Should I Refinance in today’s market?

Should I Refinance in today’s market?

Probably the most optimal time to get a refinance on your mortgage is when you can improve your mortgage terms and lower your cost of borrowing. If you are not improving the terms of your mortgage and you are not actually lowering the cost of borrowing, then it’s not a good idea to refinance.Does the lower interest rate you can get at this time make financial sense? The old rule of thumb was called the 2% rule which stated that if the new interest rate is 2% less than the old interest rate, then it is worth it to refinance. This rule is really too broad and should be disregarded, however.

Should I refinance? Rather, first of all you need to figure out how long you are likely to live in the home. If you think it is likely that you will be moving in a year or so, forget about refinancing your mortgage. On the other hand if it is probable that you will be staying in the home for two years or longer, then refinancing could make sense. Another assumption here is that you have enough equity in the home such that you will qualify for a refinance. If you have been in the house for a number of years this is probably the case. Remember, however, that home values have gone down in most areas of the U.S. over the past couple of years. You need to be able to borrow enough money to pay off the balance of your old mortgage, and you will most likely be able to borrow only about 80% of the current value of the home.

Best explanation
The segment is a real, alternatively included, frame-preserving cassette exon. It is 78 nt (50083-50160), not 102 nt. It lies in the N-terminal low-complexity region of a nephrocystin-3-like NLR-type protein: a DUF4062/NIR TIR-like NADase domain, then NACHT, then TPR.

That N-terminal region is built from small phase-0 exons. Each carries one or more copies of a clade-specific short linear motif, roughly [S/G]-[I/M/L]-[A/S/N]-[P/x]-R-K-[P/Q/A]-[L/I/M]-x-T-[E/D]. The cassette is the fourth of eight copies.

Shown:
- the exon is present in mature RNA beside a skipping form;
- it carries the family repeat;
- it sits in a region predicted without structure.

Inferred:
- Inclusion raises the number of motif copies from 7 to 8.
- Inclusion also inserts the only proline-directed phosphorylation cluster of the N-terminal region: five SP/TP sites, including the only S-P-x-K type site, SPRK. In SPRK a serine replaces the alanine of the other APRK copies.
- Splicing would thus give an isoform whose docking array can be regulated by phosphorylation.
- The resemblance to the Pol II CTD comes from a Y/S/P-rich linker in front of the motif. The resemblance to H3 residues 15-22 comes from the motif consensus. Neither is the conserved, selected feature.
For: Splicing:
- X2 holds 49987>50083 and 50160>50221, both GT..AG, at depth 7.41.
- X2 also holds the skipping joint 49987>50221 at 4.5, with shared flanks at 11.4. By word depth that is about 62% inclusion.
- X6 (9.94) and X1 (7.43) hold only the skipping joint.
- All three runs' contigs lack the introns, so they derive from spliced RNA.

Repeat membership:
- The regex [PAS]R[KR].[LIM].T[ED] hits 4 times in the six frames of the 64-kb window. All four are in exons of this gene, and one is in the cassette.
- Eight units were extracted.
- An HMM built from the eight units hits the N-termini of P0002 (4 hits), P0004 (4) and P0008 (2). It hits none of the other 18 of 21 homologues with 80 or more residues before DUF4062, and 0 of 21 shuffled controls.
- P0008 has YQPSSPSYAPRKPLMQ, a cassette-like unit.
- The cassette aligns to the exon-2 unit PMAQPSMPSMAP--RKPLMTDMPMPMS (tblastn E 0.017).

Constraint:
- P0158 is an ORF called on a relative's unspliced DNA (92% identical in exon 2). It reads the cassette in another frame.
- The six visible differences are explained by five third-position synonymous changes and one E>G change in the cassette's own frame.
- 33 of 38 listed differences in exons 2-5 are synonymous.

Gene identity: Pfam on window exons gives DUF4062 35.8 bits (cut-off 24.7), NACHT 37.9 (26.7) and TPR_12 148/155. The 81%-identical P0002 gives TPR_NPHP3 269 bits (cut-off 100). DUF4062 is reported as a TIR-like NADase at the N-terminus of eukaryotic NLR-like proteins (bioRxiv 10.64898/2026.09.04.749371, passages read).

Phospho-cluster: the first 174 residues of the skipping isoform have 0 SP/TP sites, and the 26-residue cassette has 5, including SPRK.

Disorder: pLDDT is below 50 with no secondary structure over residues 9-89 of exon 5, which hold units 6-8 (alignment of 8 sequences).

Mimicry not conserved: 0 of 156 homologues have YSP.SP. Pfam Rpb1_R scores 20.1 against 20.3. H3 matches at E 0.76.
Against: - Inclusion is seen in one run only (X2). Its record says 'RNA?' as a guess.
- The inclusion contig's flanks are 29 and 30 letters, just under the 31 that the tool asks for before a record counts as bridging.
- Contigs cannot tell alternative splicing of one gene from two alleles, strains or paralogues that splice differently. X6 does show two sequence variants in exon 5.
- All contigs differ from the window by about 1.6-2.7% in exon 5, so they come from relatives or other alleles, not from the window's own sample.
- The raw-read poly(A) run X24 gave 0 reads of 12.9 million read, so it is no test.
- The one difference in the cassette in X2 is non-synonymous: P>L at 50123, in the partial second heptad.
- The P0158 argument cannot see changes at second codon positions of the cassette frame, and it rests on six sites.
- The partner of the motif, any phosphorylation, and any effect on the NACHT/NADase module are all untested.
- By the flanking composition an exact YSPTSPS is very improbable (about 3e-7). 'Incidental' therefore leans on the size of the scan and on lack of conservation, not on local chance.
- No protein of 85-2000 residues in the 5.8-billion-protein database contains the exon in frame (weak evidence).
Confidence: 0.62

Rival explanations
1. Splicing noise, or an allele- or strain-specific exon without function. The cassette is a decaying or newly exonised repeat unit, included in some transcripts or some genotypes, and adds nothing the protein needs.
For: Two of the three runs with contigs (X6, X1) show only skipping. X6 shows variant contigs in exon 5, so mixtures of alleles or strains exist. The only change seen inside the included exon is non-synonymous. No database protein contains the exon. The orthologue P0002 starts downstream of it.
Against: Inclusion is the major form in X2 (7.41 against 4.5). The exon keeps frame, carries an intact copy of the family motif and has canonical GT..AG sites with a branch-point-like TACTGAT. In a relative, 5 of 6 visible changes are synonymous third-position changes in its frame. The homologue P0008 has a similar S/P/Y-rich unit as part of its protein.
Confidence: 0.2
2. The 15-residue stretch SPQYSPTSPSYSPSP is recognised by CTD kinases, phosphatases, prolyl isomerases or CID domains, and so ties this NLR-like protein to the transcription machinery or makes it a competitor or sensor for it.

At this point you need to figure out how many months it will take to pay off the costs of obtaining a new loan.

You can make a rough estimate of this by calling up a mortgage broker and asking him or her how much it will cost to refinance your mortgage. If you want an exact figure you will need to submit a loan application to a lender and get a Good Faith Estimate. Once you have a handle on how much it will cost to refinance, then you need to know what your monthly payments will be under the new loan terms. Subtract this monthly payment figure from what your current mortgage payment is, and you will know how much you will be saving each month. Divide this figure (projected monthly savings) into the total loan cost, and you will then obtain the number of months it will take to pay off the costs of obtaining your new loan. This is called the break even period. In most cases if that figure is 24 months or less, then refinancing will probably make sense, assuming you will stay in the house that long.

This is the basic calculation when considering the refinance of a mortgage. There are other factors as well that could justify refinancing, such as changing from an adjustable mortgage to a fixed rate mortgage, changing from 30 year to 15 year payoff to pay off the mortgage faster, or to withdraw equity to pay off high interest debt like credit cards, for example.

Since he retired from the military, Marc hasn’t found meaningful employment and things are starting to get tight financially. To help with his monthly cash flow, should he refinance to lower his mortgage payments?

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